“For the Radford Army Ammunition Plant and Hercules Aqualon [Ashland], a full compliance evaluation is conducted every other year, and an average of every 3.5 years for Sterilization Services of Virginia,” said Irina Calos, DEQ community involvement coordinator. “In 2021, staff also conducted 31 partial compliance evaluations, which can include reviewing submitted data and reports as well as being on-site for smokestack emissions testing, for the Radford Army Ammunitions Plant, 15 for Hercules Aqualon and two for Sterilization Services of Virginia.”
These inspections are done to ensure the plant is in compliance with not only its permits but the Clean Air Act as well. That federal legislation has regulated air emissions nationwide since 1970. It was weakened under former President Donald Trump’s administration, but those Trump-era changes were recently reversed by President Joe Biden. Activists, however, say the penalty for violating the act is too low for enforcement to be meaningful.
Violators of the CCA face a fine of up to $45,268 per non-compliant vehicle or engine, $4,527 per tampering event and $45,268 per day for reporting and recordkeeping violations, all of which activists say corporations can easily afford.
“They're just allowed to pay fines and get away with it and do it again and pay fines. And that's the cycle,” Carpenter said.
There are provisions in the plants’ permits with the DEQ that say violating them will result in termination of the permit, but plants only need to report violations to the department and fix them in a timely manner to avoid termination.
According to Calos, the plant in Henrico has not reported any violations of its permits in the last 10 years. The plant in Hopewell has recorded three instances of excessive volatile organic compound emissions in June, July and August of 2015 that resulted in a total fine of $20,422. Organic compound emissions can include a wide range of chemical outputs, but the EPA says they can include chemicals that cause cancer in animals or are suspected of causing cancer in humans.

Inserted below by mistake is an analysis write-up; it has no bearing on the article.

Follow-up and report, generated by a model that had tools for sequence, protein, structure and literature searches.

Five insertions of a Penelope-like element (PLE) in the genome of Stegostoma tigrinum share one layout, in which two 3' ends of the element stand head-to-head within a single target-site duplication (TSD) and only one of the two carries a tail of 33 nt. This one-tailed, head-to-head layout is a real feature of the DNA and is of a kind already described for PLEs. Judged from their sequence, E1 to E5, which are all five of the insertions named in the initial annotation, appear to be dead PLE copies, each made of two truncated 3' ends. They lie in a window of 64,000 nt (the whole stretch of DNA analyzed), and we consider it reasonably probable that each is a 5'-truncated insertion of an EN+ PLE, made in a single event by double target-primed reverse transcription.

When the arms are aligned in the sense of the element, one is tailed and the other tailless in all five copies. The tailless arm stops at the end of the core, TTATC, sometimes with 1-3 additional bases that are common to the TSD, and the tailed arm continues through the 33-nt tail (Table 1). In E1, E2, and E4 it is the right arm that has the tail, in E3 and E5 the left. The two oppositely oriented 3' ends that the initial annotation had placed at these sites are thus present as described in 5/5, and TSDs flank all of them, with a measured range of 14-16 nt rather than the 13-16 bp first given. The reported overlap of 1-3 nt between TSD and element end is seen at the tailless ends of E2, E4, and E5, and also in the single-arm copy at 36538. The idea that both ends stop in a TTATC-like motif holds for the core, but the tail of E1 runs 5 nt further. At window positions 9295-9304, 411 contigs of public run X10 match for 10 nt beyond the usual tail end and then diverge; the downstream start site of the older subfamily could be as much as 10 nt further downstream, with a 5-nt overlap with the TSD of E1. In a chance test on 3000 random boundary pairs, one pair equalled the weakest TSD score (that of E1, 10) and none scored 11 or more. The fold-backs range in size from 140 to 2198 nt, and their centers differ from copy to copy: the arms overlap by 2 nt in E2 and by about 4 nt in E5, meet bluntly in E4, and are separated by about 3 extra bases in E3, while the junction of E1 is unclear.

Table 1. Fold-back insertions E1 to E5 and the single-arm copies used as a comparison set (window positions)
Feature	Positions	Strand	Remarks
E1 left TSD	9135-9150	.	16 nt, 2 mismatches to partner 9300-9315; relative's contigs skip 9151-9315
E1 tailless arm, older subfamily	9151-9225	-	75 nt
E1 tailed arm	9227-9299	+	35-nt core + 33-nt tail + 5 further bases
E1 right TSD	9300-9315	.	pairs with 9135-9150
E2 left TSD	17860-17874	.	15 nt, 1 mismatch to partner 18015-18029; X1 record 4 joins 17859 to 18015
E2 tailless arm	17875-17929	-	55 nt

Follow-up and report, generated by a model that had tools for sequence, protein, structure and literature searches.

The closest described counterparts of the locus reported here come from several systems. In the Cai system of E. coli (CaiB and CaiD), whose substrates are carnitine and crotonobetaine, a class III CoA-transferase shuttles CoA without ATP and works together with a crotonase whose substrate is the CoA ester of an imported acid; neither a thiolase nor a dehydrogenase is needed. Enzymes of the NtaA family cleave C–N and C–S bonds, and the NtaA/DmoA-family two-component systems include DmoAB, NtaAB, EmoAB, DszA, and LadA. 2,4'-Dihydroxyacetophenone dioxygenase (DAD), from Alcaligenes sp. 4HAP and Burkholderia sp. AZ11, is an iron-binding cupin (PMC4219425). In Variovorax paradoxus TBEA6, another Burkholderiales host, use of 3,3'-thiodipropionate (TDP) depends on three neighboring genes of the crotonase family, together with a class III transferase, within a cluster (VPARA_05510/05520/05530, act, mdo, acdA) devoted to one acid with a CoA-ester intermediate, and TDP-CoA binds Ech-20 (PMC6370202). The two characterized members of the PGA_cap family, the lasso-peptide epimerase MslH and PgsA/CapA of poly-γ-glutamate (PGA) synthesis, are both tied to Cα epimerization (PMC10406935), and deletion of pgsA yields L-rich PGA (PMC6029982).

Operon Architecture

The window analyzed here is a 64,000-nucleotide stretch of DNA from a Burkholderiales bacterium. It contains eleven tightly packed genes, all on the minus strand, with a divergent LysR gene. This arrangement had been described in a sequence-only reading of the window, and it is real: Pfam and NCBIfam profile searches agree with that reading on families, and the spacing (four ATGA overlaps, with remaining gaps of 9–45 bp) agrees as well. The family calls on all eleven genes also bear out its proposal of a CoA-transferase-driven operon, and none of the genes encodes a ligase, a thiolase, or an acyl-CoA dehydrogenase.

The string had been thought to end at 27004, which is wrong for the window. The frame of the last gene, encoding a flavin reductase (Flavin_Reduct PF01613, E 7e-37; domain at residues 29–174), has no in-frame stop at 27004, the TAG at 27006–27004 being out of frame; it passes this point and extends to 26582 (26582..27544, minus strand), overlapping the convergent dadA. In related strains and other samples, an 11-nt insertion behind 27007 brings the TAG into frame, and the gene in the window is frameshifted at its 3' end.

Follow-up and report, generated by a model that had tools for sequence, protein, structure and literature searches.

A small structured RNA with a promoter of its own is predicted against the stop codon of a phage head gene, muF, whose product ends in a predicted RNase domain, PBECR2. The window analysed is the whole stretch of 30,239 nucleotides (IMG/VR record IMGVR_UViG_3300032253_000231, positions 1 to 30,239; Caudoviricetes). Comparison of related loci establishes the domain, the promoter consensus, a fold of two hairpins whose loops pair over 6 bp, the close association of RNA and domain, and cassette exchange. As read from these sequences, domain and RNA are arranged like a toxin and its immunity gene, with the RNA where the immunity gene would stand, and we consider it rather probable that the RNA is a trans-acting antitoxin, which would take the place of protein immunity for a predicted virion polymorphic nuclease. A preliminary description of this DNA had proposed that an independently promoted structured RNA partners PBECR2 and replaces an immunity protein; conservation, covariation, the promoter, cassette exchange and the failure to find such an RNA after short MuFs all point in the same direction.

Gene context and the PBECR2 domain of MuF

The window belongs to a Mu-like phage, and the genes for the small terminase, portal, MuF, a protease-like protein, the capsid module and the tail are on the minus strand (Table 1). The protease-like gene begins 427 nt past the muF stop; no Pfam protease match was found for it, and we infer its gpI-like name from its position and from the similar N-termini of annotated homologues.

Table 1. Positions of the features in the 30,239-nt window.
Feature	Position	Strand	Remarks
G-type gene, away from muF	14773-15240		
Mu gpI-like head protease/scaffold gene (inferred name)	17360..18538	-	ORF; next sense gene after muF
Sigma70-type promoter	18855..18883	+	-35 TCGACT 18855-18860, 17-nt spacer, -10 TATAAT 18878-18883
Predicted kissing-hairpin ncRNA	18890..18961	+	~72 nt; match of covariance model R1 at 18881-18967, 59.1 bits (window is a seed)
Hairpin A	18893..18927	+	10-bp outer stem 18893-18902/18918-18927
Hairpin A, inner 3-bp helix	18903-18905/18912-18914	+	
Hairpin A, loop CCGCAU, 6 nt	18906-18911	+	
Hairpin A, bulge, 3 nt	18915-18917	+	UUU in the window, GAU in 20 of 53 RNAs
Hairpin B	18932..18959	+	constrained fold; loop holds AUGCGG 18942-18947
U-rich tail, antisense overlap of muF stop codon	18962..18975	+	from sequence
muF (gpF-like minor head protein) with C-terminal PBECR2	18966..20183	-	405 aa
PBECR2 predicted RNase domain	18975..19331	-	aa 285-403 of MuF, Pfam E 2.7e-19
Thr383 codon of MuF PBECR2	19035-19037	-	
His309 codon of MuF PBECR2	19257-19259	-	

At the Radford plant, the DEQ has received 10 notices of violations related to its particulate pollution emissions from their on-site, coal-fired power plant over the last 10 years. Additionally in 2015, Calos says the plant was found to be in violation of its permit after an incinerator did not meet emission standards for low volatile metals. In 2017, another citation by the department was issued after some boilers at the plant did not meet emission standards. Most recently in 2018, the plant was issued a noncompliance notice when it exceeded its permitted limit for emissions of nitrogen oxide.
According to Calos, the fines resulting from these violations totaled $692,648 over 10 years. BAE Systems, the primary defense department contractor operating in the plant, profited over $1 billion in nine of those 10 years, according to Forbes.
Under their permits, all three plants must implement several procedures to minimize the frequency and duration of excess emissions. Those precautions include developing a maintenance and inspection schedule, training operators on the proper use of equipment and keeping records of their operating conditions.
The DEQ and EPA are required to monitor these industrial sites, but neither said they are under any obligation to inform community members about the dangers of living near these toxic sites.
The Hopewell and Henrico plants did not respond to our requests for an interview, but Calos said their employees receive annual training on these dangers through their hazardous communications program. Representatives of the Radford plant also present information about their emissions at community meetings, but the plants in Hopewell and Henrico did not provide VPM with proof that they have taken the same steps to involve the community.
Activists and healthcare experts say information like ProPublica’s map should galvanize community members to take action by demanding more oversight and greater transparency from industries polluting their communities with cancer-causing emissions.
“I think that we need to go back to our community leaders and our public health leaders in the commonwealth to ask for intervention,” Anderson said. “I don’t think that [excess cancer risk] is unavoidable.”